The DWP has published some guidance on the intranet for PCS members who work in DWP and who either make a claim to Universal Credit or who are dealing with DWP staff members who have made a claim, but it is incomplete and we are working with management to improve it.
As a member of staff making a claim, PCS believes you have the right to confidentiality – i.e. that people you have contact with in your place of work do not have to know that you claim Universal Credit unless you choose to tell them. This should mean that any Jobcentre member of staff should not be interviewed by work coaches in their own Jobcentre. It also means that Service Centre staff should have a case manager appointed from outside their Service Centre.
Jobcentre workers as UC claimants
In respect of Jobcentres, DWP have agreed that staff can be interviewed outside of their own Jobcentre:
A member of staff has the flexibility to choose which office they attend for a face to face interview as do all claimants, within reason. The appointment booking system allocates the Jobcentre based on a claimant’s postcode but this can be changed to an alternative Universal Credit Full Service Jobcentre. At any time DWP staff can request an alternative agent to administer their claim and ask to be seen in a discrete area of the office. Requesting any changes remains the responsibility of the claimant.
Service Centre workers as UC claimants
For Service Centre staff guidance suggests that having a case manager from outside your own Service Centre should only be done exceptionally. PCS strongly disagrees. The integrated telephony model means only 22% of calls are being picked up by a named case manager, with the remainder sent out to their team or to the whole Service Centre. This makes contact with someone known to the claimant far too likely. Members of PCS at multiple Service Centres have contacted the union to explain they are reluctant even to claim benefits to which they may be entitled if it means potentially having to reveal that they claim UC to people who work in the same building.
PCS advice to any member of staff claiming UC, and to any EO team leader or HEO who is asked for help, is that if staff want their claim dealt with at another Service Centre because of concerns about their privacy, this should be facilitated. If you are a member of staff who has made a claim, has requested it be transferred to a different Service Centre and this has been refused, please email email@example.com and GEC officers will look into the matter.
Similarly, if you are a member of staff who winds up dealing with the claim of a fellow member of staff, and you feel uncomfortable about this because you know them, then PCS advice is that you have the right not to deal with that claim. We have been made aware of cases at some sites where managers are refusing to reallocate cases where case managers know the claimant. This is in breach of current guidance.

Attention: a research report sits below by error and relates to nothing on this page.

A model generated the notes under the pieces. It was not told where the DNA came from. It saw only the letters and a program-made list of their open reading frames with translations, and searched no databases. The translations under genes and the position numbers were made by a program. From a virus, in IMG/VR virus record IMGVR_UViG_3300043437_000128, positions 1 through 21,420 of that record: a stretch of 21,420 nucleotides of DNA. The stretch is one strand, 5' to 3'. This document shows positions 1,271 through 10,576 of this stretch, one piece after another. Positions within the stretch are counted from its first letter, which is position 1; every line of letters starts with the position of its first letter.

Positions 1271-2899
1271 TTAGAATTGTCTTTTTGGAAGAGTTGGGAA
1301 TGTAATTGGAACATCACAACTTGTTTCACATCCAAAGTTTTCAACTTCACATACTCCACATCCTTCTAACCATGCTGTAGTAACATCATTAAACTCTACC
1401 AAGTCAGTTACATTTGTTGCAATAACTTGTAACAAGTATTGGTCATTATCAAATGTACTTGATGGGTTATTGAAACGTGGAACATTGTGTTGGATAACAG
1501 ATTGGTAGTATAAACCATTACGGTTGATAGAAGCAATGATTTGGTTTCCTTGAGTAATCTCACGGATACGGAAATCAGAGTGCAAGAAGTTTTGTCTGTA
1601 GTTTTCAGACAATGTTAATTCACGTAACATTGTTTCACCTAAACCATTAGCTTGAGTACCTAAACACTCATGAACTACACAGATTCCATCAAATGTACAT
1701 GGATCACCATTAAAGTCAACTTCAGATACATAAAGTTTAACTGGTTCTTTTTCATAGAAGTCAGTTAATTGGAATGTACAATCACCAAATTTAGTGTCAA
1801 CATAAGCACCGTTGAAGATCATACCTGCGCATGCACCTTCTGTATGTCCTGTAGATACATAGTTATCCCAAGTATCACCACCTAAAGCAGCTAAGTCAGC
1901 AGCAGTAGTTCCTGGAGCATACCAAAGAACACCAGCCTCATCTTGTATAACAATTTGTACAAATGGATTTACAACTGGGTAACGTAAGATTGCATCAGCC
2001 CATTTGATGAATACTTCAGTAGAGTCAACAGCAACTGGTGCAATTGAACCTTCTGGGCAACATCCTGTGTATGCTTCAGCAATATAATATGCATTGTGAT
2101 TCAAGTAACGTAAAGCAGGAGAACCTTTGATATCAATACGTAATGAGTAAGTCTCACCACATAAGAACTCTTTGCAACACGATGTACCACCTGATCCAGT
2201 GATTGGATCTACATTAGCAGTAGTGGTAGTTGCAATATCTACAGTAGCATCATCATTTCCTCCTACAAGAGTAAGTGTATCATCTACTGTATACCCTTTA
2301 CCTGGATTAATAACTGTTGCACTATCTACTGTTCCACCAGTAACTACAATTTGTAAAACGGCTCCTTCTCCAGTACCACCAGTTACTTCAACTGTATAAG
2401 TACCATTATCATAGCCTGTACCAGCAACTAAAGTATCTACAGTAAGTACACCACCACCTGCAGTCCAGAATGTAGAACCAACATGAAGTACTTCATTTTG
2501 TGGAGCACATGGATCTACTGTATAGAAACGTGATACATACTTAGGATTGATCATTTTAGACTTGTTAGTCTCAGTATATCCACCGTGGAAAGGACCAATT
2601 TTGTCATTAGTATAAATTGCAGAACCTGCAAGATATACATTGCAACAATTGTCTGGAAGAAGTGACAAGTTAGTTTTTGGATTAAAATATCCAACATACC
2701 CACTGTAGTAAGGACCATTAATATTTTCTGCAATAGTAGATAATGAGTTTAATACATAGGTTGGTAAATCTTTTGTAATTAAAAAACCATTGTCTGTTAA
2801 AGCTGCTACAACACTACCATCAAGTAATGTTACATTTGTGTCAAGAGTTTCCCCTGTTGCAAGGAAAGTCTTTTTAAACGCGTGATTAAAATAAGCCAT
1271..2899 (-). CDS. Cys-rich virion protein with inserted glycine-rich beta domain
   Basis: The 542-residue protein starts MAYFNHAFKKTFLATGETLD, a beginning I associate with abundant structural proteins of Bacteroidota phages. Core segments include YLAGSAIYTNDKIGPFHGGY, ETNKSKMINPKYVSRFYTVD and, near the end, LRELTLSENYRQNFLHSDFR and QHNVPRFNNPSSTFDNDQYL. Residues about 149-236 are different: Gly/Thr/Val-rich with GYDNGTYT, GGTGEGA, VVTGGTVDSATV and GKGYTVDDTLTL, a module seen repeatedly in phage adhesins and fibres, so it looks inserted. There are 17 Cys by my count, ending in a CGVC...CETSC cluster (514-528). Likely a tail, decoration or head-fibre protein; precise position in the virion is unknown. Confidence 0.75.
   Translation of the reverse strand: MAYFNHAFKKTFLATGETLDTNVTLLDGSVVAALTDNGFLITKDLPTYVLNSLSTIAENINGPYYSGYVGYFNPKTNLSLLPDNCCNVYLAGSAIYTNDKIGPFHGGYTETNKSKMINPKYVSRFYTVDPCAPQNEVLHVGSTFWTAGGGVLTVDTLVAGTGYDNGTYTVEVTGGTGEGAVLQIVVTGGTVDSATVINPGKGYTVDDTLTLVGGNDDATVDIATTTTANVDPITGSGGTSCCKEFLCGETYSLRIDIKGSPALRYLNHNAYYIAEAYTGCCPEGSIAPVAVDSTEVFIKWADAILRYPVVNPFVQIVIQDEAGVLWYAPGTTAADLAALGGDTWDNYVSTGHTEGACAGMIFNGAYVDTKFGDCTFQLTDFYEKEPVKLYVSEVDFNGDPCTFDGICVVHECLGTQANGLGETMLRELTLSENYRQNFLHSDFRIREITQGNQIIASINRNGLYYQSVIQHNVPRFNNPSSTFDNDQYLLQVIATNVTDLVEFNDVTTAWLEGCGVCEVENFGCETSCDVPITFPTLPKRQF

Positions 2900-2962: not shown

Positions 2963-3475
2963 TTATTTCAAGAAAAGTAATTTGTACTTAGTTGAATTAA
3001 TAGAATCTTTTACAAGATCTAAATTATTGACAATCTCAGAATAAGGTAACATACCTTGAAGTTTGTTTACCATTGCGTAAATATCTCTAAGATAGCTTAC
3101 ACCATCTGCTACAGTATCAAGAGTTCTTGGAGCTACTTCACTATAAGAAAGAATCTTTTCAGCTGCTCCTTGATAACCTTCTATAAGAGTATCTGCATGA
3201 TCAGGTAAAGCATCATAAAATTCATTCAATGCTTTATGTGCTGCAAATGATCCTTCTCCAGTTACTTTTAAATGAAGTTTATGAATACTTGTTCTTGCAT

National PCS reps have expressed the frustration to members that yet again we’re being asked to find examples of people who have concerns about their privacy, before managers take seriously this issue and look to implement the approaches that exist in Personal Independence Payment and other benefits, such as twinning. Claims to benefit by staff in PIP are dealt with at a different service centre from where they work just as a matter of course.
DWP have said there is no “brick wall” to this approach, but they need additional evidence to justify it. If you are a UC claimant, and wish to have your views on privacy passed on anonymously to DWP, please email firstname.lastname@example.org.
The PCS position continues to be that we want a specialist unit to deal with staff claims, the way HMRC currently runs staff claims to legacy Tax Credits. These HMRC staff are given particular training and support to deal with sensitive claims from their colleagues, and this approach is what PCS wants in DWP, for support both to those taking and making these claims, for any misunderstandings and problems that may arise in such a sensitive context and for the protection of individual privacy.
Improvements to UC-specific security guidance planned
DWP have now acknowledged the concerns PCS has been raising for a year, in respect of the danger that people can access their own claim, or that of friends and family, by accident, through auto-allocation or by case number. UC managers, in consultation, with PCS, will be looking to publish case studies that will clearly outline how accidental access might occur and will stress that accidental access is not a disciplinary offence.